The Ayam Cemani chicken is the “Lamborghini” of the backyard poultry world. Like the car, the Ayam Cemani (“Ayam” translates into “chicken” in Indonesian. “Cemani” is both the name of the village it is from and “completely black” in Sanskrit) is sleek, shiny, and financially out of reach for most buyers. So, what is it about the Ayam Cemani that makes it such a rare and expensive commodity?
What Do Ayam Cemani Look Like?
These chickens are a black chicken breed. Black feathers, black beak, black legs, black tongue, black eyes, black comb. But it doesn’t stop there. This “hyperpigmentation” continues to their bones, organs, skin, and internal workings – they’re also black. Some people have incorrectly claimed that their blood is also black. It isn’t – it’s just as red as a normal chicken’s blood.
But rather than exist as a dull or matte black, their feathers have a greenish sheen that really sparkles in sunlight. As a result, these birds are remarkably beautiful because of their coloration. They stand tall and proud, like they are always alert. With the sheen of their feathering, they are a very regal-looking bird.
How did Ayam Cemani Become Black?
Ayam Cemani’s coloration comes from a pigment mutation called fibromelanosis. It is a mutation that is present in more than 25 avian breeds. It is touted as being a “complex rearrangement in the genome”, and is directly responsible for the totality of black pigmentation in the bird’s body. Essentially, fibromelanosis is the opposite of albinism; instead of the pure white resulting from a total lack of pigmentation that is albinism, Ayam Cemani become pitch black from an overabundance of pigmentation.
Where Do Ayam Cemani Come From?
Ayam Cemani are a breed of chicken that has been around for a relatively short amount of time. They are believed to be an offshoot of the Ayam Kedu breed where darker coloration was the focus. Ayam Cemani got their start on the Indonesian island of Java.
Their peculiar coloration marked them as targets of legend, lore, and mysticism. Seldom were they eaten, or their eggs used for the dining tables. Instead, they were used in ceremonies (and still are in some areas). Their blood was considered to possess healing qualities when rubbed over the face or arms, or in conjunction with mystical recitations. With the advent of Islam as the dominant religion in Indonesia, much of this practice has fallen to the wayside, yet there are still individuals and social minorities who use these birds for mystical means.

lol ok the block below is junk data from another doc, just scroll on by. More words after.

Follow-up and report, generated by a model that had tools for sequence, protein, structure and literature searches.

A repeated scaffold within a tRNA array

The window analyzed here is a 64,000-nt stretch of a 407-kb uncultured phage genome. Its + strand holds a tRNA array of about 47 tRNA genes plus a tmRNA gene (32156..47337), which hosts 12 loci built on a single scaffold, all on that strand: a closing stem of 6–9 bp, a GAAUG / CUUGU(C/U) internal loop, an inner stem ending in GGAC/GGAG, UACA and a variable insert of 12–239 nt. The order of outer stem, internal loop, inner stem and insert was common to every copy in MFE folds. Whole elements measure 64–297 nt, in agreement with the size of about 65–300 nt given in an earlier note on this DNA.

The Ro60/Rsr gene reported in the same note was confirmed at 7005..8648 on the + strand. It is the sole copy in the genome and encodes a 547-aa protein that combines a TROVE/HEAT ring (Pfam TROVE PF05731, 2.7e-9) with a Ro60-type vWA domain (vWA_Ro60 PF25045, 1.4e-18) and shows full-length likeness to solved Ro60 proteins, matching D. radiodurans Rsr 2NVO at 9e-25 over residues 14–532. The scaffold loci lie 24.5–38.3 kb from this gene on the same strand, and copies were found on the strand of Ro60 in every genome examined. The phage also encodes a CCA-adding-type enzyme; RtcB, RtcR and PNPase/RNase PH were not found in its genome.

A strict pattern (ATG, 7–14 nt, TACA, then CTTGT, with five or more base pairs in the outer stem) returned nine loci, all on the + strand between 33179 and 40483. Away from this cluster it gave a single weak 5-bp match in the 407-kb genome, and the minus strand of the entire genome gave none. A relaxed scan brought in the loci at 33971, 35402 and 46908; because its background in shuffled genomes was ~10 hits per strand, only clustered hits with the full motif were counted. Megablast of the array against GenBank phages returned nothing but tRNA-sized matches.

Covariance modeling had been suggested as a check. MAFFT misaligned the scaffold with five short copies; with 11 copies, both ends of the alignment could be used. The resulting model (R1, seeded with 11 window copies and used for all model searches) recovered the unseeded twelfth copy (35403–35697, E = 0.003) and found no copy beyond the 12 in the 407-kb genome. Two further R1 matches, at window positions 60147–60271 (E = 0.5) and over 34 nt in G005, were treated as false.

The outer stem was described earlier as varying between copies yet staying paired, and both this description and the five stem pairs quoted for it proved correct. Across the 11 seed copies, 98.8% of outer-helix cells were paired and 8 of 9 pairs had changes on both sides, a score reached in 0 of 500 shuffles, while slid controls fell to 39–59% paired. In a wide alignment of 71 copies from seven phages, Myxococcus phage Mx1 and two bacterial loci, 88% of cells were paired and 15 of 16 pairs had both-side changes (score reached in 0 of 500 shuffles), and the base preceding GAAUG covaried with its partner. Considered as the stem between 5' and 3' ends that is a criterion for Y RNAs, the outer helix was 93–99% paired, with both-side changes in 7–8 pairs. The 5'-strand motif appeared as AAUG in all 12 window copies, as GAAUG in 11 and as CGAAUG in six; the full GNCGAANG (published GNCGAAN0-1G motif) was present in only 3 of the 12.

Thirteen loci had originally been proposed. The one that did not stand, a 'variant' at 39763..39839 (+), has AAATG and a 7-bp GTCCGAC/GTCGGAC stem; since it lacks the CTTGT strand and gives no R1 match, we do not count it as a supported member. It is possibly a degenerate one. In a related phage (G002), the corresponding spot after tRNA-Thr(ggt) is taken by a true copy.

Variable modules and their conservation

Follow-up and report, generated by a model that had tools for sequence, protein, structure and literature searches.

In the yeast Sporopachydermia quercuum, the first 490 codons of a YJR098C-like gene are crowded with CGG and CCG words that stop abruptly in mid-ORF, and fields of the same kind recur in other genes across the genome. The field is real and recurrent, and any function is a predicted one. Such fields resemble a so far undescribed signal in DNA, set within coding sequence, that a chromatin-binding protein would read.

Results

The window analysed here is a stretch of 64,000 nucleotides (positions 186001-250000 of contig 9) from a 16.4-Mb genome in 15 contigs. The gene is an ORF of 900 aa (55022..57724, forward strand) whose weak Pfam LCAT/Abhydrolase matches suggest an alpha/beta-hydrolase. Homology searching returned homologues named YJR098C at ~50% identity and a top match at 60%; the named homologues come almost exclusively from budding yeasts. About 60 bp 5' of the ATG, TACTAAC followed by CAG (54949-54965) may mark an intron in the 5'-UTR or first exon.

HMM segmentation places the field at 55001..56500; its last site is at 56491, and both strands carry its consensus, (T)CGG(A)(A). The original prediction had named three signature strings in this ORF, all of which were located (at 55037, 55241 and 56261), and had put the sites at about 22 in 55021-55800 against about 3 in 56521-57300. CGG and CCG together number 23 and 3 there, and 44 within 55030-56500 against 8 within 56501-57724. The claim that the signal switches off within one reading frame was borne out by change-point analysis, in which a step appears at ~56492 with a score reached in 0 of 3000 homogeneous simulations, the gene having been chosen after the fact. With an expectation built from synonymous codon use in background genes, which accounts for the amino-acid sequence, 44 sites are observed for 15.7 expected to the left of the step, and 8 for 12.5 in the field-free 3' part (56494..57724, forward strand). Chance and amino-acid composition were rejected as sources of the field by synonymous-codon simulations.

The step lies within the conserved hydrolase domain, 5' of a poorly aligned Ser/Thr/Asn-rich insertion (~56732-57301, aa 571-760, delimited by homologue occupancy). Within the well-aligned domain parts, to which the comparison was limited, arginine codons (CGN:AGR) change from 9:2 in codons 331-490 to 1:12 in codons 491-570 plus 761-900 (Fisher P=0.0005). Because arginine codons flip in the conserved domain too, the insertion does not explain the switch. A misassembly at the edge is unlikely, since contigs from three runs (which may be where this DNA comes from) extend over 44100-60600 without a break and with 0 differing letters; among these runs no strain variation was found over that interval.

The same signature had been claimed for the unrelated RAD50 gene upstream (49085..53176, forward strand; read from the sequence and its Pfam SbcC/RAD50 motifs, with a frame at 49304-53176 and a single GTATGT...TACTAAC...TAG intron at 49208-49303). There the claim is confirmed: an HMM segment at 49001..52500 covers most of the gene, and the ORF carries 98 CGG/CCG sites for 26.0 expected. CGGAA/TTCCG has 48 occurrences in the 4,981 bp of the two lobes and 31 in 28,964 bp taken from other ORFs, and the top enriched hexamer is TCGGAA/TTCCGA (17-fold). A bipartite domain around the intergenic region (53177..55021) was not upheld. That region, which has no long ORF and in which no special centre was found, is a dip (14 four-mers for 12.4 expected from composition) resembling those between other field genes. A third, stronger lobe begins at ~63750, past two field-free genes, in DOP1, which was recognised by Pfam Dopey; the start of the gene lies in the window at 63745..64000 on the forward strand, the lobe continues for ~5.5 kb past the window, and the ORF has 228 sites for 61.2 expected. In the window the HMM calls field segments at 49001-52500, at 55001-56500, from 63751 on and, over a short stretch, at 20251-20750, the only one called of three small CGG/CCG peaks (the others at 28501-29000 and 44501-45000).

How Did Ayam Cemani Chickens Spread Around The World?
Were it not for Dutch chicken breeder Jan Steyerink, this remarkable bird might never have left its native Indonesia. He first imported these birds to the Netherlands in 1998. Since then, Ayam Cemani have found homes in Germany, Slovakia, the Czech Republic, and the USA. They continue to be one of the rarest breeds of chicken on the planet, with a population counting only an estimated 3500. However, with more dedicated breeders devoting themselves to this unique bird, those numbers should increase in years to come.
How Big Are Ayam Cemani? How Long Do Ayam Cemani Live?
These are medium-sized chickens. Roosters weigh about 5 to 6 pounds. Hens usually weigh between 4 and 5 pounds. The average lifespan is 6 to 8 years.
What is the Ayam Cemani Temperament?
These are docile chickens that might start out skittish or untrusting of humans, but with enough interaction and attention, they can be very trusting. Roosters are also friendly and can even become more involved with the raising of chicks than many other roosters tend to be. Your Ayam Cemani might get bored easily, and could do with some distractions in the pen, or by making the pen large enough to give them room to explore. The hens tend to become broody, and are excellent mothers.
Are Ayam Cemani Weather Hardy?
Coming from Indonesia, which is a very hot archipelago in the South Pacific, Ayam Cemani might be expected to be poor in colder climes. Oddly, though, they are as excellent at adapting to colder weather as they are to scorching temperatures. Part of this is because they naturally absorb sunlight and heat because of their black feathers. Another possible reason is the tightness of their feathering, which acts as a natural barrier from cold temperatures.